That deal was followed up by the drafting of Lonzo Ball with this year’s No. 2 selection, which was certainly more expected but may prove every bit as impactful.
Since then, the Lakers have been relatively quiet. With the exception of waiving Tarik Black and letting free agent Nick Young walk, L.A. hasn’t done anything concrete.
That doesn’t mean it’s not trying, though. And if you’re paying attention to the players being targeted, it’s not terribly difficult to see the Lakers’ strategy.
They want guards, particularly veterans, who may be able to fill the role of mentor to their young point man. According to ESPN’s Adrian Wojnarowski, they were interested in George Hill before he agreed to terms with the Sacramento Kings. Ditto for Dion Waiters, who was reportedly offered a one-year, $17 million dollar deal before re-signing with the Miami Heat, per Basketball Insiders’ Michael Scotto.
With those two off the board, who’s left? L.A. has been connected to Jamal Crawford and Rajon Rondo. The question is: Which one makes the most sense?
And if that happens, Crawford would reportedly like to join the Lakers, per ESPN’s Marc Spears:
Crawford still has the reputation of a heat-check guy off the bench, but at what expense? Many of the Lakers’ young players already experienced life alongside a past-his-prime chucker during the last few years of Kobe Bryant‘s career. Does the front office really want to subject another group of up-and-comers to that?
Among the 87 players who launched at least 500 threes over the last two seasons, Crawford’s .527 True Shooting Percentage ranks 72nd, per Basketball Reference. In that same group, he ranks 83rd in Box Plus-Minus.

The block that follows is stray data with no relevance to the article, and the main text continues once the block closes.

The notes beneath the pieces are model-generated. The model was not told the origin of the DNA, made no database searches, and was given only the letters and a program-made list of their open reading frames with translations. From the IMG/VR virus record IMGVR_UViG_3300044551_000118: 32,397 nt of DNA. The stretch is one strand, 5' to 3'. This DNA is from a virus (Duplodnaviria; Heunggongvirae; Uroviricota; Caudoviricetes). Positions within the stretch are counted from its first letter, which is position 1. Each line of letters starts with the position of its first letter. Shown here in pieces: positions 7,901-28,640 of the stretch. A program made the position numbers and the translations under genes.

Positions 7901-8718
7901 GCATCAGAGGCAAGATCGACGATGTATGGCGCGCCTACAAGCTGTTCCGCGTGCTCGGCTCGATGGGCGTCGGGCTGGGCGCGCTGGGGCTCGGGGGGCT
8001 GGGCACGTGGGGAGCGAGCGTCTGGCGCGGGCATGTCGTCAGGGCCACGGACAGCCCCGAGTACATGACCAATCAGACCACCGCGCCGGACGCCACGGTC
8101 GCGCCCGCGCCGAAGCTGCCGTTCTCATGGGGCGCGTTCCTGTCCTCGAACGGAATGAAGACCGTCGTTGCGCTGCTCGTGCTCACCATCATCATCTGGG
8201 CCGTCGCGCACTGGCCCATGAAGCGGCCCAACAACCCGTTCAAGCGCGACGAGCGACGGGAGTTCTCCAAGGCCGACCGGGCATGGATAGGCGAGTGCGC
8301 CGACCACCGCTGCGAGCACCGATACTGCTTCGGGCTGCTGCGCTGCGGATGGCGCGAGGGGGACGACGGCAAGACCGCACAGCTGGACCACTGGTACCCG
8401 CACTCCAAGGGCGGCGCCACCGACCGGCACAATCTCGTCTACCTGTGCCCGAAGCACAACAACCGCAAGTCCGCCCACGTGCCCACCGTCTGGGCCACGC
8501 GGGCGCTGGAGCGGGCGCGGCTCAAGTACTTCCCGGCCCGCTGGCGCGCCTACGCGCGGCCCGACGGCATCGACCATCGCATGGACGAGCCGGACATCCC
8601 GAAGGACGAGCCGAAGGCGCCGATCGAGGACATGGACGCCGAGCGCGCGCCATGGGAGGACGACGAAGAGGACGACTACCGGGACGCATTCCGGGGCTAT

Crawford may still have some nuggets of NBA wisdom to impart, but he’s not likely to help a young team on the floor much these days.
Speaking of players who don’t make the same impact they once did, Rondo has been linked to L.A. as well. According to Brad Turner of The Los Angeles Times, Rondo is “…very interested in Lakers.”
The logic behind this idea is easier to find. Prime Rondo was a somewhat similar player to Lonzo Ball. A long, rangy 1 who likes to get his teammates going before himself.
And while Rondo’s catch-all metrics have fallen off a cliff in recent years, his strong assist and steal rates have helped him to still be a plus overall.
In fact, among point guards with at least 3,000 minutes over the last two seasons, Rondo ranks 20th in Box Plus-Minus, per Basketball Reference.
He still has a little something in the tank, and this wouldn’t be his first rodeo as veteran mentor. If L.A. has the choice between Crawford and Rondo, the latter makes more sense.
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